Those with the highest number in 5 have a tendency to collaborate: These types prefer to derive creative strategies to resolve conflicts because they would like to preserve relationships and achieve their goals as well. This approach usually leads to win-win solutions. 

This graph is a tool to help analyze what is the most appropriate approach to use in a given circumstance.


Different approaches might work best depending upon how important the relationship and the issue are in the situation.

It is often necessary to use more than one approach in a single conflict. For instance, if either you or the person you are in conflict with are too angry to productively talk with one another, you may need to avoid the conflict until you both have cooled down and are able to compromise or collaborate.

Communication Skills

Active Listening

Watch this video to learn about active listening.

Open-Ended Questions

In order to productively resolve conflicts, it is important not just to listen, but to also find out as much information as you can about the conflict you are involved in. One way to do this is to ask open-ended questions. Open-ended questions allow people to provide fuller answers than close-ended questions, which result in yes/no or one-word answers.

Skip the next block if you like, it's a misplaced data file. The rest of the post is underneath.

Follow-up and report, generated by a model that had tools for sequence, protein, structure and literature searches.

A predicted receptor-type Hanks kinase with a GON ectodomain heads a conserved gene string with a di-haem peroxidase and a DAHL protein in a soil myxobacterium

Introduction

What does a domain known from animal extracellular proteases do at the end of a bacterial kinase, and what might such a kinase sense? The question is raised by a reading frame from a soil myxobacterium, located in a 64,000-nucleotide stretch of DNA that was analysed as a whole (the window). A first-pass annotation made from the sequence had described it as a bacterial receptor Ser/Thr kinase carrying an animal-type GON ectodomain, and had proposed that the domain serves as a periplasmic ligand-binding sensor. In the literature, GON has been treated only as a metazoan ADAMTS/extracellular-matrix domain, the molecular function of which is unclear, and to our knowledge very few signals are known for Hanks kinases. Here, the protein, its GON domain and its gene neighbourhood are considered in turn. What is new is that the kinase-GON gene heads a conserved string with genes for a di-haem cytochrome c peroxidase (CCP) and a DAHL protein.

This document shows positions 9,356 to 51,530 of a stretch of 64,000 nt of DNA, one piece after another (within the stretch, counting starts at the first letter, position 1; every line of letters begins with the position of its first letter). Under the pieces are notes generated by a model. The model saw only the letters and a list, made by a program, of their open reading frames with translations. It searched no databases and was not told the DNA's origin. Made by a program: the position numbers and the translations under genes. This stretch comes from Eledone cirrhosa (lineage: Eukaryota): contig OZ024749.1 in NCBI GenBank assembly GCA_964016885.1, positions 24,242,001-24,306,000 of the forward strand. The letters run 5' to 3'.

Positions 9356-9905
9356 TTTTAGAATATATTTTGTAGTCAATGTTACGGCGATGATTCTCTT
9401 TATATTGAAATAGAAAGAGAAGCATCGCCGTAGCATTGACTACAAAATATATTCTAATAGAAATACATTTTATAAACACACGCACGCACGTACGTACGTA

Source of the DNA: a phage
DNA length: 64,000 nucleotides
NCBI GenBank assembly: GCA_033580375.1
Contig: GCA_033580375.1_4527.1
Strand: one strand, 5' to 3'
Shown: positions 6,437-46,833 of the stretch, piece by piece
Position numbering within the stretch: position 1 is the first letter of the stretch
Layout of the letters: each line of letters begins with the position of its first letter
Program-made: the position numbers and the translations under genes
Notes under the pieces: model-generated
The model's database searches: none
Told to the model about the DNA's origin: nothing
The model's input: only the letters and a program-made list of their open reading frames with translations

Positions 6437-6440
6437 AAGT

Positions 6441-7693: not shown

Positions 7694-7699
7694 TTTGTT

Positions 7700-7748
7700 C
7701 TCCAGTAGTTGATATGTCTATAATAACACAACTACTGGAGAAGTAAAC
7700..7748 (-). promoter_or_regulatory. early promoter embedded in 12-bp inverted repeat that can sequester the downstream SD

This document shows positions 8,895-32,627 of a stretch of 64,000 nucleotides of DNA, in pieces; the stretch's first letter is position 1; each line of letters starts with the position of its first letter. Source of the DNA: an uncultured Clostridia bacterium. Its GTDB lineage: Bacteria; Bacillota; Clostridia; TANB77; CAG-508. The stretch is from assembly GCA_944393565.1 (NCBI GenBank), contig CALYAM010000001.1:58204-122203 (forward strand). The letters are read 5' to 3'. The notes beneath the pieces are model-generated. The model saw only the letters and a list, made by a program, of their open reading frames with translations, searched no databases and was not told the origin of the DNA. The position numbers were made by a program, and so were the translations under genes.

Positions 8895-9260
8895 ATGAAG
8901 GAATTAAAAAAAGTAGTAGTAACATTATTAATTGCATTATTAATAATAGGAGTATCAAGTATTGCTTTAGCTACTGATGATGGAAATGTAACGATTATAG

For example:

  • What happened?
  • How did this situation affect you?
  • What concerns you?
  • What kind of solution works for you?
  • How can this relationship be fixed?

Versus:

  • Do you feel upset?
  • Are you concerned?
  • Do you want to be friends again?
  • Would you like her to apologize?

How Questions

Especially when brainstorming for solutions, “How” questions help the people in conflict with one another take a forward-looking, or future-oriented, approach. “Why” questions tend to focus on a past orientation, and don’t help disputants come up with as many ideas for solutions.

For example: "How can you solve this conflict with one another?" versus, "Why aren't you able to get along with one another?"

Body Language

Our body language lets people know if we are listening to them or not, and can also send messages to others about how we are feeling. For instance, if we are looking around while someone is speaking, they may think we are bored and not listening. It is especially important as a mediator to use calm body language that does not indicate that we favor one side over the other.